Intertidal Zonation

By Nan Evans

The tide is out. It’s time to explore. Walk towards the low tide water
level on any shoreline, and there are wondrous things to see. As you
explore, you will notice that the biological communities change from
the high tide level down to the lowest levels. Marine scientists call
this “intertidal zonation.”  Ecologists group the zones into the
Splash, High Intertidal, Middle Intertidal, and Low Intertidal Zones.

Zonation is a complex result of substrate, tidal levels, predator-prey
interactions, and competition for space. Specifics differ between
rocky shores, sandy beaches, mud flats, a pillar under a pier, or
boulders strewn amongst sand and cobbles, but you will always see
changes in plant and animal communities.

At the highest levels, life is hard – too hot in the summer, too cold
in the winter, too dry most of the time, and too much fresh rainwater.
Isolated tidepools can become both too hot and too salty when exposed
to the sun for many hours. In the Salish Sea, the Splash Zone ranges
from about +7 to +9 feet above mean lower low water (which is “0” feet
in a tide table). Here we see only a few hardy species but often huge
numbers of individuals. You will find several lichen species. The
green algae sea lettuce (Ulva) makes its first appearance. A few land
plants that can tolerate the salt exposure may also be present. This
is the zone of barnacles – the small little brown barnacle and the
acorn barnacle. Look closely in cracks and crevices, and you might be
able to spot a few small marine snails and limpets. These hardy
animals feed only when briefly submerged. When the tide is out, they
basically close down tight to keep moisture inside their bodies –
clamping those barnacle plates together, or pulling into a snail shell
to shut the door (operculum), or just contracting those muscles that
allow a limpet to adhere tightly to the rock face. All of these
animals must have the ability to tolerate increasing levels of their
own biological waste products as the hours go by before they are
submerged again and are flushed by sea water.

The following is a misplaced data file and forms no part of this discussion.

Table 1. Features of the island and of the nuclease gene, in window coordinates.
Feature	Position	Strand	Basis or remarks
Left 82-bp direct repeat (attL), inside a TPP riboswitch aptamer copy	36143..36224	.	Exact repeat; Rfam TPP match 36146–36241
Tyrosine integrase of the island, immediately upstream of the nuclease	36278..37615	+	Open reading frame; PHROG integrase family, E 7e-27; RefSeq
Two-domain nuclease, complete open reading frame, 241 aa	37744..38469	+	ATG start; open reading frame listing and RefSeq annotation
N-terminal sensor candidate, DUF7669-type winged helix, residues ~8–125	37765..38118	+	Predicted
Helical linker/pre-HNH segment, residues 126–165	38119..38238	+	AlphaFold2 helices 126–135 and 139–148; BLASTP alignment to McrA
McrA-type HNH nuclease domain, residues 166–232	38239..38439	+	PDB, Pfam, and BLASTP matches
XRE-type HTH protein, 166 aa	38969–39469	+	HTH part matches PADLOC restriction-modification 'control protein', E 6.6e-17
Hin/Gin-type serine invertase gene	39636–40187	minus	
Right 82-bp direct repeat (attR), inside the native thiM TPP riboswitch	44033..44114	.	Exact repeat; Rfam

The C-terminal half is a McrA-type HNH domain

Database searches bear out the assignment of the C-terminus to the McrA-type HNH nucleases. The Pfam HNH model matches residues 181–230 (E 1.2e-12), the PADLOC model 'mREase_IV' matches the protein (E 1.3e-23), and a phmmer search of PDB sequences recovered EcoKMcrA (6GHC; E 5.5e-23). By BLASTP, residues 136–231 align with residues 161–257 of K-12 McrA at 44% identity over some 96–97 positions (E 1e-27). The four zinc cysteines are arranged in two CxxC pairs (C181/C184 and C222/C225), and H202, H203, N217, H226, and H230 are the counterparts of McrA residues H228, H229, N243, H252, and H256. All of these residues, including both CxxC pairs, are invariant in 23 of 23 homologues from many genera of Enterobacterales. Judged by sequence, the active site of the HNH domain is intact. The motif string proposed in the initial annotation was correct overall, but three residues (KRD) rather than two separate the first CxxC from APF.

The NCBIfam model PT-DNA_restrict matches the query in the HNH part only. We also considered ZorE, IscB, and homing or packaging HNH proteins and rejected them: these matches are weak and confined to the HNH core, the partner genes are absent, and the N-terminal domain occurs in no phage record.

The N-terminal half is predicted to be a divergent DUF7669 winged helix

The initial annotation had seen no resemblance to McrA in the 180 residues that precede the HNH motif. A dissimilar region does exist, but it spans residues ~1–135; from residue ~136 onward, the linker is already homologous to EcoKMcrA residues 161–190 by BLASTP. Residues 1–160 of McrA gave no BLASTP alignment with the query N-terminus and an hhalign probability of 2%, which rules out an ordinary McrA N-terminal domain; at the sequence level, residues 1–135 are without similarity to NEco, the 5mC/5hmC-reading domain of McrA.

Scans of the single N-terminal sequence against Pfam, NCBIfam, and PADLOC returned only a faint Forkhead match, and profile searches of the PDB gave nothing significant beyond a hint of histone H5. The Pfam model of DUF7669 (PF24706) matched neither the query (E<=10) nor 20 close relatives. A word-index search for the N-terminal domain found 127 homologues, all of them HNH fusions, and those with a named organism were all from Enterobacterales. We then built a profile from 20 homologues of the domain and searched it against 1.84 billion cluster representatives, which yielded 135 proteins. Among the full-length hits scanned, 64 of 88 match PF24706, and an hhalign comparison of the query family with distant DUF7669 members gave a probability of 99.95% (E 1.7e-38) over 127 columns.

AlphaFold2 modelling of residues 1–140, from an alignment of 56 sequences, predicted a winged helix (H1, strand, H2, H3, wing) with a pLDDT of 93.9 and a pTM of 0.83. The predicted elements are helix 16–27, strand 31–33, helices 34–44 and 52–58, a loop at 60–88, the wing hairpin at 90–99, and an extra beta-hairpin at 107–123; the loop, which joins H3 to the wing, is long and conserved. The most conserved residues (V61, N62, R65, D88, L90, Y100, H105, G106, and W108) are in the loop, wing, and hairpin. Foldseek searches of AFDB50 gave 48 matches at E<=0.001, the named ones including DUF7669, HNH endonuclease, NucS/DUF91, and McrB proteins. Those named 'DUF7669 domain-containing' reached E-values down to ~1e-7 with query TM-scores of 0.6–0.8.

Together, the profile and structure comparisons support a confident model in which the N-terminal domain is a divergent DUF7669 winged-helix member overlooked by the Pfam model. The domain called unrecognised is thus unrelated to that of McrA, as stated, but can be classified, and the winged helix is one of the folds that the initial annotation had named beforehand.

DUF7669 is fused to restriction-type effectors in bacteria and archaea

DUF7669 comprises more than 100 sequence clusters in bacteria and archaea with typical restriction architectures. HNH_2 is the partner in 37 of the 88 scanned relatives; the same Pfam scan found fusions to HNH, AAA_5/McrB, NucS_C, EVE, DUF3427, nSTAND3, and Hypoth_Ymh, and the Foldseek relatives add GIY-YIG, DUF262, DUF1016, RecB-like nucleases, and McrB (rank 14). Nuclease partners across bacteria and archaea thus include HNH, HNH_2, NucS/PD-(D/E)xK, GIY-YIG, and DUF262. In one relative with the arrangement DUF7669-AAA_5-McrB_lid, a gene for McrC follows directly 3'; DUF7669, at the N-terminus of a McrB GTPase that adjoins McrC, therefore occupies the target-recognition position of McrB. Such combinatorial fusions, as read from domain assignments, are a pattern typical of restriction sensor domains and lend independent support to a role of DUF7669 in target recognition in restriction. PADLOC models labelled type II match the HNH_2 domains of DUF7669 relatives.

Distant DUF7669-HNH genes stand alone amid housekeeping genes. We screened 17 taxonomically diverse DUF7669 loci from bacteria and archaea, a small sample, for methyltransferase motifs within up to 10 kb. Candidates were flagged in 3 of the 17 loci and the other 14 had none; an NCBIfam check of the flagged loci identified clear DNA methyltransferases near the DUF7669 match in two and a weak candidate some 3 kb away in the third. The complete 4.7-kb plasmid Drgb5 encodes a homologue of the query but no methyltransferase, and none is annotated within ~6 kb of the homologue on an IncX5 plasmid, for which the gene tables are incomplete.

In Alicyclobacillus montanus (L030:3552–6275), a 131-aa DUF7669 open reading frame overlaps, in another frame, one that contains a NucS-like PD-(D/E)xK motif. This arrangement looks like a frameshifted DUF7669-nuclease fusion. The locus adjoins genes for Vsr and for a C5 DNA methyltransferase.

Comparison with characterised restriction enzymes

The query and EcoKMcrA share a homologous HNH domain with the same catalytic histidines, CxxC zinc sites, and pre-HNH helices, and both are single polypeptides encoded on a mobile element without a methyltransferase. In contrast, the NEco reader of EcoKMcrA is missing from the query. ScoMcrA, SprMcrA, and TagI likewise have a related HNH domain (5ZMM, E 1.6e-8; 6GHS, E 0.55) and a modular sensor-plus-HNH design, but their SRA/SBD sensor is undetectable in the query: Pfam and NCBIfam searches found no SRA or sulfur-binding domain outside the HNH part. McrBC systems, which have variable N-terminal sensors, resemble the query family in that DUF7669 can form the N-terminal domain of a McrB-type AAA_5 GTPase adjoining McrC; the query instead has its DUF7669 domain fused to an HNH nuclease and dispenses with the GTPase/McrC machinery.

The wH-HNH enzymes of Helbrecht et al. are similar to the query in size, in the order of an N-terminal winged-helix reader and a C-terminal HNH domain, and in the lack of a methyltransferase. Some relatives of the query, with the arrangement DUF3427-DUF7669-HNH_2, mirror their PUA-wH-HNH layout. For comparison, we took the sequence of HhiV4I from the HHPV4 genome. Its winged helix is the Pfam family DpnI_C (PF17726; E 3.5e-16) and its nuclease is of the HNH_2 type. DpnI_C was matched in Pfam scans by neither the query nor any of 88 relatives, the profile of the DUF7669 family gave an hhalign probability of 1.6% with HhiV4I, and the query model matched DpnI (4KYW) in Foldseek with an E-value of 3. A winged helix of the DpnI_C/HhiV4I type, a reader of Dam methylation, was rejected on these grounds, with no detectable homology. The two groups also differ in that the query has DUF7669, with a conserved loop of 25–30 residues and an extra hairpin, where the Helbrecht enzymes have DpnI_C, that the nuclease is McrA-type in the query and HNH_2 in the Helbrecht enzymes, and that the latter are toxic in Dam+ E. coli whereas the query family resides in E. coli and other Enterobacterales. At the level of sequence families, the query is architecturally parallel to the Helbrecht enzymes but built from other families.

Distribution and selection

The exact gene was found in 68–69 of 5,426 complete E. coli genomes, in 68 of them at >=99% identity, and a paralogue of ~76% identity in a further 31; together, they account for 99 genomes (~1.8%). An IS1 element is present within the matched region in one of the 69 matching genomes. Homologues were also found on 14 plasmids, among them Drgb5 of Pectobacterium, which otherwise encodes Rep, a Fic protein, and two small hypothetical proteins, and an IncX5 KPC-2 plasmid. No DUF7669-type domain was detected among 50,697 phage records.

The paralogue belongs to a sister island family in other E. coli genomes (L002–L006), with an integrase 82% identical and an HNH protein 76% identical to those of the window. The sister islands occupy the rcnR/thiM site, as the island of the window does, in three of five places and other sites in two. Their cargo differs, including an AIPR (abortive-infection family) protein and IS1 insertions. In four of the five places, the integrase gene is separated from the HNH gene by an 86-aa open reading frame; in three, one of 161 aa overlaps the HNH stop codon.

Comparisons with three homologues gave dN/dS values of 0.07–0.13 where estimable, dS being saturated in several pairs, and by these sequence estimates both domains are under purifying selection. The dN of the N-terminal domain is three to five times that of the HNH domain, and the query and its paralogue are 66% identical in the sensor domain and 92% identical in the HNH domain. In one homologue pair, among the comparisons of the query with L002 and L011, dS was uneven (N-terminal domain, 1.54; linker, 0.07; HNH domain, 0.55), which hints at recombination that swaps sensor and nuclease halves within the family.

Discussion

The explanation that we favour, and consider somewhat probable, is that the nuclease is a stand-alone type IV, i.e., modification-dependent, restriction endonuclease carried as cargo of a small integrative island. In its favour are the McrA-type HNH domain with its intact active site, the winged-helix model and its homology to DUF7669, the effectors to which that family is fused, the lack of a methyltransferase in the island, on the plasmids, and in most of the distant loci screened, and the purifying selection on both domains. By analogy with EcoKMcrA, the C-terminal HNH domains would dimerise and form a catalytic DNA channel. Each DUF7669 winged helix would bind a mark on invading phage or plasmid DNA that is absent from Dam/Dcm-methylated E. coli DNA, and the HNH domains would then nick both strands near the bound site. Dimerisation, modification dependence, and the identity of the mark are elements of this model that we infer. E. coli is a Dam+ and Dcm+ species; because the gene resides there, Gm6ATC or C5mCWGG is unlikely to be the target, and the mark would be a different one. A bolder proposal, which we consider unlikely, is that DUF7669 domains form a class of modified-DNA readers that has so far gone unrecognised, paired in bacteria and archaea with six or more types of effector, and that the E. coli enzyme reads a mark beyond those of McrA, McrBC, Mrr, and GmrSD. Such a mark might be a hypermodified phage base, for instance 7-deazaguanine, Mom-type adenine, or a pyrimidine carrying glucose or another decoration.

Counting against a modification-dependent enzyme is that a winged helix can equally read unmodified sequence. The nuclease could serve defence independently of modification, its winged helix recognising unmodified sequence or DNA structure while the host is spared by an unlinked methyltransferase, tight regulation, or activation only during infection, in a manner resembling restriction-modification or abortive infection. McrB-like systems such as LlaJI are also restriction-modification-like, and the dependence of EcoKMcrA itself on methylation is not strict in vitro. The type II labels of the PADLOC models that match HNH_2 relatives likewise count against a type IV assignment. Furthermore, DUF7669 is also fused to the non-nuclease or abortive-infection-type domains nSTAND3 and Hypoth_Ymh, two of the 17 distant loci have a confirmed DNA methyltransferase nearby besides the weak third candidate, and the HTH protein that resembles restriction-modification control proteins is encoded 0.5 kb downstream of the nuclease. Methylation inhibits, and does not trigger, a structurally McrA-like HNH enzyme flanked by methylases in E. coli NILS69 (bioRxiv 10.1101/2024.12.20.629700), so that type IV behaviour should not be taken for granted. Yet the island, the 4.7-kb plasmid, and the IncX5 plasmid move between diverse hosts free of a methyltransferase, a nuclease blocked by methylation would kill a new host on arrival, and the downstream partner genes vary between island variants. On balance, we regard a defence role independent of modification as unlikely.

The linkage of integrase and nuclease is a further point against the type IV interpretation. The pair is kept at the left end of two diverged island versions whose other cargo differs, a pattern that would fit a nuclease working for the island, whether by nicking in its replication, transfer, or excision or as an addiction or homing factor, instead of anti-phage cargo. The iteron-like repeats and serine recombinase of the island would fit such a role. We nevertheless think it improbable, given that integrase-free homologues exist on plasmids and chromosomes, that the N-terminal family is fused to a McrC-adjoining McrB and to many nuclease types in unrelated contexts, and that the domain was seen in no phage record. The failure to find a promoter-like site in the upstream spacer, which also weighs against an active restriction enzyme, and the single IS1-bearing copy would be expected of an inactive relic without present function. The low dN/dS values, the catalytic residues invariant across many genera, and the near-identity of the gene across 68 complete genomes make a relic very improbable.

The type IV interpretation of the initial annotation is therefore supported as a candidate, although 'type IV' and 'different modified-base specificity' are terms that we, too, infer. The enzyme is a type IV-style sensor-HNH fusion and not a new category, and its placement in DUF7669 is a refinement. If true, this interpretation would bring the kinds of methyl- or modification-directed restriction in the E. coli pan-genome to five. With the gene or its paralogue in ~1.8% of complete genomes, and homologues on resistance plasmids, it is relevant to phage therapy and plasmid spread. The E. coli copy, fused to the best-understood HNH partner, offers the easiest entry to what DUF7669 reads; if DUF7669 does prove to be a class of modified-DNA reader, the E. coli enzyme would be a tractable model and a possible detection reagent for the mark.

Lottia digitalis (Ribbed Limpet)

Below this uppermost horizon, we encounter the High Intertidal Zone
that is submerged only during the highest tide levels. Life is
marginally easier in this zone, but its residents are still exposed to
the equivalent of a total of 145 to 70 total days of dryness over a
period of 6 months. The High Intertidal Zone in our area ranges from
about +7 feet to +4 feet above the mean lower low level. We see more
diverse life here. Consult a field guide; the number of species
explodes too much to describe briefly. Lots of algal species: brown,
green, and red. The brown algae Rockweed (Fucus) stands out on the
rocks. In addition to barnacles, there are more species of snails
(including carnivorous and algae-eating species) and limpets. Look
into small tidepools or under a few rocks (please replace them very
carefully!) to find hairy hermit crabs and the dark green and black
tidepool sculpin.

Fucus distichus (Rockweed)

Lower still, we find the ecological communities of the Middle
Intertidal. Communities here are submerged and exposed for more equal
periods of time. This is the area from about +4 feet down to 0 feet
(the mean lower low tidal level). Life really explodes here – crabs,
sea stars, more snail species, goose neck and blue mussels, chitons,
sea stars, and sea anemones. Curiously, the animals of this area are
rarely seen subtidally. They truly are residents of the in-between
world – part terrestrial and part marine.

Cancer productus (Red Rock Crab)

At last we enter the Low Intertidal Zone, which is exposed only during
the lowest tide levels. This is the realm of those marine creatures
who have adapted physiologically and/or behaviorally to survive some
amount of time exposed to air. We see the largest variety of species
in the Salish Sea in the Low Intertidal Zone, 0 to about -3.5 feet.
Some of the species also occur subtidally. Interestingly, although
there are many more different plants and animals, we do not see the
high numbers of individuals of the same species we saw in the upper
levels. Life for a marine creature is easier here, but then
competition for space and food is more intense as well.

Cucumaria miniata (Red Sea Cucumber)

Surfgrass and eelgrass (both flowering plants), plus vast numbers of
species of algae or seaweeds, are found here.  Abundant animal life
includes species of sponges, hydroids, anemones, flatworms, round
worms, segmented worms, sea stars, brittle stars, sea urchins, sea
cucumbers, brachiopods, snails, limpets, bivalve mollusks, chitons,
nudibranchs, shrimp, crabs, octopuses, clingfishes, sculpins,
pricklebacks, and gunnels – to name just a few!

If we use our intertidal visit well, we will explore all the different
zones, probably spending the most time at the lowest levels. But we
must be careful, the tide turns and comes back in quickly, and we may
have only a short time to get back to land before all these
communities return to the sea.